Recent tomographic images indicate complex patterns in mantle velocity structure below the Gunnison River (Fig. 8; Karlstrom et al., 2012). Of particular interest, the transition from the low-velocity mantle domain beneath the headwaters to higher velocities in the lower reaches of the Gunnison River suggests that buoyant mantle may be driving differential uplift in the Rocky Mountains, and may also be influencing the longitudinal profile of the Gunnison River (Schmandt and Humphreys, 2010). The hypothesis of young uplift in the headwater region of the Gunnison River is supported by apatite fission-track and apatite helium cooling ages, which show <10 Ma AHe cooling ages in the San Juan Mountains to the south (McKeon, 2009) and the West Elk and Elk Mountain Ranges to the north (Garcia, 2011) of Black Canyon. This suggests that more than 1 km of material has been eroded off the headwater regions of the Gunnison River in the last 10 Ma. Our hypothesis is that low-velocity mantle under these recently exhumed areas may have driven headwater uplift resulting in higher gradients for the Gunnison River, which then facilitated drainage reorganization and upstream knickpoint migration.

An important and often overlooked component of the uplift story involves flexural isostatic rebound driven by erosional denudation of the Rocky Mountain–Colorado Plateau region. Lazear et al. (2013) presented calculations of isostatically driven rebound applied to the Gunnison River region that suggest that independent of any tectonic surface uplift, there has been ∼200 m of differential isostatically driven rock uplift of the Gunnison knickpoint region relative to both the Colorado-Gunnison confluence and the headwater regions, including Grand Mesa.

CONCLUSIONS

Our data suggest a very young river system responding to multiple forcings, including downstream drainage reorganization, differential isostatic rock uplift, and possible mantle-driven headwater uplift. New data conclusions are as follows.

(1) Differential incision across a transient knickzone: Incision rates downstream from the modern knickpoint are higher (130–150 m/Ma over 0.64 Ma and 140 m/Ma over 10 Ma) in comparison to upstream rates (90–100 m/Ma over 0.64 Ma and ∼60 m/Ma over 10 Ma). Incision rates within the 10-km-long Painted Wall knickzone are strikingly higher at ∼500 m/Ma over 0.64 Ma (Fig. 3, Table 1). This variation in incision rate within a relatively small lateral distance (100 km) and within the hardest rocks in the region (Fig. 3) argues that this feature is the transient expression of a stream system adjusting to a downstream drainage reorganization and related regional base level fall and/or headwater uplift. Our model also indicates ∼30 km of upstream knickpoint migration through basement from 1.0 to 0.64 Ma (0.36 Ma). This documents the importance of bedrock erodibility on knickpoint propagation rates.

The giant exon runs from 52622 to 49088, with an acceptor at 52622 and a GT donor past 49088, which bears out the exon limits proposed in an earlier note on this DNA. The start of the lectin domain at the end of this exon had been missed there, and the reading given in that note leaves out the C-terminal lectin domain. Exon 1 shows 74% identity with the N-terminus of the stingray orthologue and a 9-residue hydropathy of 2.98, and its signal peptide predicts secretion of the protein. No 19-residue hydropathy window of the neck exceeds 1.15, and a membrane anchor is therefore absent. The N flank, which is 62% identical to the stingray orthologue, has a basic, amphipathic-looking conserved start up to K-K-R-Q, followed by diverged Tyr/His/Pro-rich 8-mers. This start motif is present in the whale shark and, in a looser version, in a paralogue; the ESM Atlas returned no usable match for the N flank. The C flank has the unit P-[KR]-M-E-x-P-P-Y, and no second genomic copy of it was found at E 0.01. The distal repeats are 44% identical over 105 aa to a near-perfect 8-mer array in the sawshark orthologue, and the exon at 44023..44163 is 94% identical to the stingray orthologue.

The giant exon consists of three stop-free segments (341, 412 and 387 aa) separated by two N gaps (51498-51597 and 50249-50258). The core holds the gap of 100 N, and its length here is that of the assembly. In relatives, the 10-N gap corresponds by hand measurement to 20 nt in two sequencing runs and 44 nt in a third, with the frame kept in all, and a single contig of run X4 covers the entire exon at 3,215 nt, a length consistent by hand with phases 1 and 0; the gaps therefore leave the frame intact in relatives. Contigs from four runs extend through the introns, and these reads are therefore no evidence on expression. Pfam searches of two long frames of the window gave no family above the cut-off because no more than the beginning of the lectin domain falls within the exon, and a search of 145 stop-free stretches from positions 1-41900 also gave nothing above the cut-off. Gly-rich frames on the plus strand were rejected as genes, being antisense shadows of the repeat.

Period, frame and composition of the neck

(2) Incision history of Black Canyon of the Gunnison: Projection of the abandoned paleo-Bostwick tributary, that deposited the 0.64 Ma Lava Creek B–associated river gravels, to its intersection with the Gunnison at Red Canyon is presently the best constraint on the age and rate of incision of Black Canyon. At this location, ∼350 m of the roughly 700 m total depth of Black Canyon has been incised in the last 0.64–0.87 Ma. We use the Cimarron gradient as a proxy for the paleo-Bostwick to extrapolate preserved and dated straths to their inferred confluence with the river at 350 m above the river. The result is that over the past 0.87–0.64 k.y., incision has occurred at the high average rate of 400–550 m/Ma. If one assumes steady incision rates, this implies the spectacular bedrock Black Canyon was carved within the last 1.3–1.75 Ma. However, given that these high rates are only likely to have been active in the Black Canyon reach once the incision transient from Unaweep abandonment arrived near Red Canyon after 1 Ma, rates may have been higher and carving of the entire bedrock canyon in the last ∼1 Ma seems most likely.

(3) New incision rates from tephrochronology and cosmogenic burial dating of gravels: Our new data suggest that the previously reported 1.2 Ma Mesa Falls tuff locality in the Shinn-Bostwick drainages is likely to be the 0.64 Ma Lava Creek B. The new age of the paleo-Bostwick gravels below the ash of 870 ± 220 ka precludes this ash being Mesa Falls. This reassignment is also supported by stratigraphic relations, indicating no major unconformity between the two exposed ashes. Cosmogenic dating indicates that terrace Qt7/223 m at the North Fork Gunnison–Gunnison River confluence is 0.98 (+0.38/–0.07) Ma, yielding an incision rate there of 228 (+17/–64) m/Ma.

(3) Persistent differential incision in the early Gunnison River: Incision rates calculated from 10 Ma basalts show the same long-term differential incision as seen in the younger profiles and suggests that either (a) the knickpoint was already in existence at 10 Ma or (b) that post–3 Ma incision has created the differential incision rates (our favored hypothesis). The Oligocene profile is near the modern profile in the upper reaches of the Gunnison system, suggesting zero long-term incision—presumably due to a combination of aggradation and surface uplift following the construction of Oligocene-age volcanics. Erosionally driven isostatic rebound of the region may also have helped drive incision of the Black Canyon of the Gunnison.

This work was supported by the Colorado Rockies Experiment and Seismic Transects (CREST) experiment funded by the National Science Foundation (NSF) Continental Dynamics Program under award EAR-0607808. Thanks also to David C. Noe and anonymous reviewers for editorial comments. We also thank the Alfred P. Sloan Minority Ph.D. Program, and participants who were supported in 2006 by the Mesa State College Research Experience for Undergraduates (REU), which was supported by NSF REU Site Award EAR-0453264.

1Supplemental File. PDF file of original analyses by Dickinson (1965) of refuted Mesa Falls ash. If you are viewing the PDF of this paper or reading it offline, please visit http://dx.doi.org/10.1130/GES00847.S1 or the full-text article on www.gsapubs.org to view Supplemental File 1.